We next meet Joshua, described as Moses' "assistant," in Exodus 24:13, where he accompanies the great leader as he responds to God's call to come up Mount Sinai to receive the tablets of the Torah. There is nothing to indicate that Joshua was with Moses when he entered the cloud of God's presence, but he was certainly nearer to God's self-revelation "like a devouring fire" (Exodus 24:17) than any of his fellow Israelites. And when the protracted interview ends, it is Joshua who descends with Moses to witness the horrors of the golden calf idolatry in the camp. The young man assumes the noise of the people below to be a sign of war, but Moses knows better, and the orgy quickly becomes evident (Exodus 32:17–19). After the initial acts of judgment and the withdrawal of God's immediate presence from the camp, it is Moses who sets up a tent outside, a prototype "tabernacle" or "tent of meeting," where he alone can communicate with God, in personal intimacy. But the privilege of proximity again belongs to Joshua. "When Moses turned again into the camp, his assistant Joshua the son of Nun, a young man, would not depart from the tent" (Exodus 33:11). We don't know, of course, how much Moses passed on to the young apprentice, but such closeness to the action and his awareness of God's glory must have been enormously formative in the young warrior's thinking.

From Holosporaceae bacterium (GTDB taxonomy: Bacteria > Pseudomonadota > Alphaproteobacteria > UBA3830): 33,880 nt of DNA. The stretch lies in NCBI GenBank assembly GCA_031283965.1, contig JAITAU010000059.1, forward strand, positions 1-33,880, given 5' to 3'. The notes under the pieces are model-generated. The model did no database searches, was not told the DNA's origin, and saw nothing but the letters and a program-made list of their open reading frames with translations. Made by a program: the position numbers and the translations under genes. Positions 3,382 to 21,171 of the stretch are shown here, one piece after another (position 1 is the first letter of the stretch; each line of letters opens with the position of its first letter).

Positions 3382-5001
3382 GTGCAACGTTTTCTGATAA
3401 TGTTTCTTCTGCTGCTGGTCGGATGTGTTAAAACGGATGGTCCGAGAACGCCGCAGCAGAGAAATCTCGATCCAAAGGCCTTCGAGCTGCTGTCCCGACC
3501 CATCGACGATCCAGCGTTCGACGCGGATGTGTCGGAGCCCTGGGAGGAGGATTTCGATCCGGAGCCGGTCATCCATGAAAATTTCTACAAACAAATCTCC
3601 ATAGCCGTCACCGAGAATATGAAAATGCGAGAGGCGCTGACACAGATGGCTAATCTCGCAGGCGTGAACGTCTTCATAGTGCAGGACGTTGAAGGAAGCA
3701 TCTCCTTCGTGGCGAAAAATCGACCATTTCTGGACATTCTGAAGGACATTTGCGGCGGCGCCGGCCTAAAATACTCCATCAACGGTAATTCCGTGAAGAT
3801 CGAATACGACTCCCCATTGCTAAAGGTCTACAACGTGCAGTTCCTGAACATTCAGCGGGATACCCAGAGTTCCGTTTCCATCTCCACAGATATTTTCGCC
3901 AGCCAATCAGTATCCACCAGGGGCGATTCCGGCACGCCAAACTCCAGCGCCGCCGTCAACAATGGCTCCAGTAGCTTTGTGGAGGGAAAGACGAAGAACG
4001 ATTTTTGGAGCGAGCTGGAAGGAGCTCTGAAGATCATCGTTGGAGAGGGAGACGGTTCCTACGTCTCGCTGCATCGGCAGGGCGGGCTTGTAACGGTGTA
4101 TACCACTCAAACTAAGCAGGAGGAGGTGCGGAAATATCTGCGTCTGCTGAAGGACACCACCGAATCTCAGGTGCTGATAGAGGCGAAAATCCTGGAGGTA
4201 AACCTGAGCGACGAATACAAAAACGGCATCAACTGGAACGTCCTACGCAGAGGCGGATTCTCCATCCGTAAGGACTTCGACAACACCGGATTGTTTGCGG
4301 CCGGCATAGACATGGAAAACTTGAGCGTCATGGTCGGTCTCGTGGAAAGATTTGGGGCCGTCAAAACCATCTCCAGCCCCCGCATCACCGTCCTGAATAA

The next time we meet Joshua, God has called Moses to select seventy elders, upon whom he puts his Spirit so as to enable them to share in the burden of leadership that Moses has been shouldering alone. This unique visitation of the Spirit was evidenced by their speaking God's word (prophesying), a unique occurrence. Even though two of them had not left the camp, Eldad and Medad nevertheless prophesied as well, although so much to Joshua's consternation that he says to Moses, "My lord Moses, stop them" (Numbers 11:28). But Moses' response is, "Would that all the LORD's people were prophets" (v. 29). The meekest man in all the earth demonstrates not the slightest hint of jealousy. He has no concern for his own position or authority, but only for the wellbeing of the people. So the young Joshua has to learn that leadership is never an exclusive privilege, that he is not to glorify Moses, giant though he is, nor is he to seek to hedge God in to his own preferred agenda. These remain essential insights for godly leadership still today.